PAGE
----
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18 Former NBA Players Have Been Charged With Multi-Million Dollar Insurance Fraud

A number of former NBA players are being looked into for attempting to defraud the league’s healthcare fund.

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NBA players’ lives can be luxurious. You receive millions of dollars to play a game, along with celebrity, endorsement deals, complimentary equipment, and much more. The contracts aren’t quite as large, however, if you’re not a superstar, and the money can go rather quickly.

Occasionally, a lack of funds leads to desperate attempts to reduce spending.

18 former NBA players, including Terrence Williams, were accused of defrauding the league’s health insurance fund of approximately $4 million by the U.S. attorney’s office in Manhattan. Among the players accused were Tony Allen, Sebastian Telfair, and Glen “Big Baby” Davis.

The former players were charged with filing fictitious claims for medical, dental, and other healthcare services in order to earn payment for care they never got. The overall winnings for the players came to roughly $2.5 million.

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Terrence Williams (#55) dunks during a game with the Boston Celtics. (Jared Wickerham/Getty Images)

During a Boston Celtics game, Terrence Williams (#55) slams the glass. (Image: Jared Wickerham/Getty) )

A accusation of conspiring to conduct healthcare fraud against all parties implicated carries a maximum 20-year jail sentence. Williams was additionally accused with serious identity theft.

Prosecutors claim that Williams got false medical and dental invoices between 2017 and 2020. The other players received those invoices from him, and they later submitted fictitious claims to the NBA’s healthcare fund. The plan paid the claims, thinking they were legitimate because it is funded by NBA teams and intended to promote players’ health and wellbeing both while they are active and after they retire.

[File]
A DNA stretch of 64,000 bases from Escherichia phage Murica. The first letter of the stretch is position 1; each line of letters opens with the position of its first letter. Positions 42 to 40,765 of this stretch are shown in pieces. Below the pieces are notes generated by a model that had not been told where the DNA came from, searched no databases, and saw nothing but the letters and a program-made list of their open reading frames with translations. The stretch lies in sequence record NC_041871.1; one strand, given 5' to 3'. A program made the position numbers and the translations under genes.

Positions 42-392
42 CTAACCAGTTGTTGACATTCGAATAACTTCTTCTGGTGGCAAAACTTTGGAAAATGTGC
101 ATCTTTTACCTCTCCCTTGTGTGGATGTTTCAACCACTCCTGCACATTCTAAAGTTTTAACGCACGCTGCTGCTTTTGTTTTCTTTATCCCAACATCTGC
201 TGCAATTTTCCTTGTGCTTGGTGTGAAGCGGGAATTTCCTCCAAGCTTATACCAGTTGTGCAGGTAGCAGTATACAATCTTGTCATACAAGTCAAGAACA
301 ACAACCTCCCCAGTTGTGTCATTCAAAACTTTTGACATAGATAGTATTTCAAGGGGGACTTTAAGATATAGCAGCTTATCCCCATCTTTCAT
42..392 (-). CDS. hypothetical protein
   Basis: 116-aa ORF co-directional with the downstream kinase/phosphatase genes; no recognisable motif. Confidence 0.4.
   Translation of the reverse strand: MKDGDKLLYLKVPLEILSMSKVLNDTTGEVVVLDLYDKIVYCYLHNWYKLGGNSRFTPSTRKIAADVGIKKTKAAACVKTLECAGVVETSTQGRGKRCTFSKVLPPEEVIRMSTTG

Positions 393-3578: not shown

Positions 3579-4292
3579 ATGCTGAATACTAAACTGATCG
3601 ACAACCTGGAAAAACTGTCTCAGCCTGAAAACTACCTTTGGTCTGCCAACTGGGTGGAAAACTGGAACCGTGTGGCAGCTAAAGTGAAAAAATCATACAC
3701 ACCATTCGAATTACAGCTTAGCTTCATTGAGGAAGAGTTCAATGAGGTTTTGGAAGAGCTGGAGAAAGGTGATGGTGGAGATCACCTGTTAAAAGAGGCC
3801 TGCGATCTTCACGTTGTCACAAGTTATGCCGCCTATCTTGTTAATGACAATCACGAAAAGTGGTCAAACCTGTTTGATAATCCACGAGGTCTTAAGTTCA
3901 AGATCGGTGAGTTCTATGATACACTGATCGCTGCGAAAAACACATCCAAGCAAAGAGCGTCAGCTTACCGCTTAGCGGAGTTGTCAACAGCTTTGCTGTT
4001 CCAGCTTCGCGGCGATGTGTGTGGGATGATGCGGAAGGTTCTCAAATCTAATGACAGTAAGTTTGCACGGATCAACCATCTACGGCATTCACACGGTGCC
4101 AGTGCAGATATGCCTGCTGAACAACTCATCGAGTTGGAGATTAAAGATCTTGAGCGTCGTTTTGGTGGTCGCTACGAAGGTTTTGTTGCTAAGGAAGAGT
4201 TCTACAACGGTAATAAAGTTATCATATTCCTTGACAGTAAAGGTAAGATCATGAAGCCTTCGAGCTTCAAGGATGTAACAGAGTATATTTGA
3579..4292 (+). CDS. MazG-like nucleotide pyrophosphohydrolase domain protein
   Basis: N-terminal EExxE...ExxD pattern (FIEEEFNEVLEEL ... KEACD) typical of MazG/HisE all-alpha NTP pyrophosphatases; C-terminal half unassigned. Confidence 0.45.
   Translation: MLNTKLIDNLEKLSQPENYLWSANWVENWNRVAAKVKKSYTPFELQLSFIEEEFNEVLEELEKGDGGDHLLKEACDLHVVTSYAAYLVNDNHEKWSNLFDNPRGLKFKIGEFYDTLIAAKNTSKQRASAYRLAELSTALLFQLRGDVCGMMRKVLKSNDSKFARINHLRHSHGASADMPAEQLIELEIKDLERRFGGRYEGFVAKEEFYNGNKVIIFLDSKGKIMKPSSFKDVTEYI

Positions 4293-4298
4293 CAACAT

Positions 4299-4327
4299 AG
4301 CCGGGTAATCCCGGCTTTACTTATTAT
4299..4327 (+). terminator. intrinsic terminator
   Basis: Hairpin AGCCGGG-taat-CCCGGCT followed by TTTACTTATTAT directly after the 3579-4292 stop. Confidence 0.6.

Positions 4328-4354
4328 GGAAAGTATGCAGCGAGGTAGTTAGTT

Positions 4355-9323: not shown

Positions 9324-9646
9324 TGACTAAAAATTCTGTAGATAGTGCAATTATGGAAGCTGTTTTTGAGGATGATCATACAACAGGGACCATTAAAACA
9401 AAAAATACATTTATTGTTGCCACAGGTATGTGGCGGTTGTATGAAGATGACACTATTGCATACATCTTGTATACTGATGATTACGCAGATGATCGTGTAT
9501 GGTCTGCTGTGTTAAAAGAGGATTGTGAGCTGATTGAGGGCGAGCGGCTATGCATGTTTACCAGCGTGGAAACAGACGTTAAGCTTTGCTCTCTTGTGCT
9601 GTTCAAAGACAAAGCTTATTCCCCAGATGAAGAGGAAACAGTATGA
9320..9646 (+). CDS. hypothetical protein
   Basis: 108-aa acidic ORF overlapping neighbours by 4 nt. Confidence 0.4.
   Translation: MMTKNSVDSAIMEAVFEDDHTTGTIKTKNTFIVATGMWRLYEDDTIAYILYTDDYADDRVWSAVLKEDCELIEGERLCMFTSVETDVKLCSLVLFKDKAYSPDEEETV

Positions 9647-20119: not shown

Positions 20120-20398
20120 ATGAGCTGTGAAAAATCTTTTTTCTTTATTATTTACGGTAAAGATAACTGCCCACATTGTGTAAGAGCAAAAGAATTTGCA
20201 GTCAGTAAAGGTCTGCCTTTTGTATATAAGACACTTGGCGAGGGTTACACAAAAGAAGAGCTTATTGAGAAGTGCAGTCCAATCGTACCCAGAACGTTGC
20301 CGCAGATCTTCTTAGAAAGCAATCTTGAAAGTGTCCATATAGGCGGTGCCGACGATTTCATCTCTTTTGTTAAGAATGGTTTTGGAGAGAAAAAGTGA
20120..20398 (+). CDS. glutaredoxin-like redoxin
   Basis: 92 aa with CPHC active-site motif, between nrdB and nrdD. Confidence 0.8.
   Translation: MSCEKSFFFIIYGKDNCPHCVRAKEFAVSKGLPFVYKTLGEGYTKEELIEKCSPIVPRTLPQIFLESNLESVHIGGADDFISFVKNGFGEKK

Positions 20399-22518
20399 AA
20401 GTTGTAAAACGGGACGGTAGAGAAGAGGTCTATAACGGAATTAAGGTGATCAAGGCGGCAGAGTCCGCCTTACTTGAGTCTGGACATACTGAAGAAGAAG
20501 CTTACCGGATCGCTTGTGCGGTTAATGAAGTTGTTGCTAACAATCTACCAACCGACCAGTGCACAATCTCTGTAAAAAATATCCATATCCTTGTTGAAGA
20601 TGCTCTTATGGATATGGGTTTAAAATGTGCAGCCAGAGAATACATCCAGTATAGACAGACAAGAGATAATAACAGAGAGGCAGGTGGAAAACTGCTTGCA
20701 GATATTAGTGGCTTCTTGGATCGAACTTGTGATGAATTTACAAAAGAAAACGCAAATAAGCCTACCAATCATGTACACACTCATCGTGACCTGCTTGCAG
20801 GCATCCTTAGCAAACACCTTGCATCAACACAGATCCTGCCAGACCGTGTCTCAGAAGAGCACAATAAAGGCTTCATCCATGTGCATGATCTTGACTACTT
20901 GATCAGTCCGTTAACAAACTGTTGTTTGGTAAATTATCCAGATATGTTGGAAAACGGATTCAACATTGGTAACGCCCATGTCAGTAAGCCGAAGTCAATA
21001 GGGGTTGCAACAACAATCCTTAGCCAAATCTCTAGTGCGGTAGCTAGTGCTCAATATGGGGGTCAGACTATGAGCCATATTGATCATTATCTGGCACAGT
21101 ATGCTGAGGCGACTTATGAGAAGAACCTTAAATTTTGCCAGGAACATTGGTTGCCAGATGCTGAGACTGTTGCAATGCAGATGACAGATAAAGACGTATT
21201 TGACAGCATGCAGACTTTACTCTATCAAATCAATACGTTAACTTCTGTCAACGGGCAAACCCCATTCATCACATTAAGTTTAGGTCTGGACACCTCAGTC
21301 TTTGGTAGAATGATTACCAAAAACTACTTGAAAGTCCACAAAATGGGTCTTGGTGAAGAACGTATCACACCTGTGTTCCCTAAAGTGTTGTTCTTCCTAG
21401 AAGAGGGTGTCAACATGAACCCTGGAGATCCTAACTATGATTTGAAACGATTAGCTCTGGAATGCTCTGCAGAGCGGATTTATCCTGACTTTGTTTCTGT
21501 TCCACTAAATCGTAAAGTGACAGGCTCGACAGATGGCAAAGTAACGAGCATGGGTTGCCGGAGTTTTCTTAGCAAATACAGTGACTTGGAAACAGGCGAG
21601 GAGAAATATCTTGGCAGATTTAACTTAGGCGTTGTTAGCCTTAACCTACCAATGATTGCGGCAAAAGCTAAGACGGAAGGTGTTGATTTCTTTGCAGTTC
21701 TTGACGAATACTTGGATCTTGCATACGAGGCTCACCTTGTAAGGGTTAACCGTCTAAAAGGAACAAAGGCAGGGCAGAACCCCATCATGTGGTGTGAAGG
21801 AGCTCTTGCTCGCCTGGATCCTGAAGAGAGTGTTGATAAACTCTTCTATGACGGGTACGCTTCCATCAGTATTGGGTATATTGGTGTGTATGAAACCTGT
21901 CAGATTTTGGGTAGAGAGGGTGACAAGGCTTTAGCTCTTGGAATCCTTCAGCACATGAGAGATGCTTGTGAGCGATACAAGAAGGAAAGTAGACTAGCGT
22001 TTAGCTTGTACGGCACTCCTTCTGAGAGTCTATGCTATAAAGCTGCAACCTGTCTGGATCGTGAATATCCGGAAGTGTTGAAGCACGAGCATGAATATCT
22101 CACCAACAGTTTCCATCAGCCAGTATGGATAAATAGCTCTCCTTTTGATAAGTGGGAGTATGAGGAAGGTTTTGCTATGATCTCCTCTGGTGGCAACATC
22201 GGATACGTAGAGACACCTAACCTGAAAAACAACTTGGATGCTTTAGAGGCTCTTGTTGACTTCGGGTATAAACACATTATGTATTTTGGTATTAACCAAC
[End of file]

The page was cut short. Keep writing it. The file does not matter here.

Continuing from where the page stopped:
Williams made around $230,000 from the defendants, and also allegedly reviewed some claims before they were submitted. His identity theft charge comes from pretending to be a plan manager when another player didn’t give him a kickback.

Allen received $420,075 from the healthcare fund, and Telfair received $358,356 for the chiropractic and dental services they requested. The fund retrospectively refused the payments after realizing the claims were false. Telfair didn’t return any money, whereas Allen returned all of the money he received with the exception of $70,000.

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Many times, gamers were making claims for the same kinds of dental and chiropractic services. The explanation that the athletes were there for injury treatment was sometimes included in the notes from the doctors’ offices. The letters, though, occasionally lacked official letterhead and frequently contained grammatical and typographical errors, including one player who misspelled his own name. And the players weren’t where they said they were—sometimes staying in a different state entirely from where their alleged treatment took place.

According to the indictment, the false medical claims totaled between $65,000 and $420,000. As the case is ongoing, the charged players may have to repay the money and could be looking at substantial jail time.

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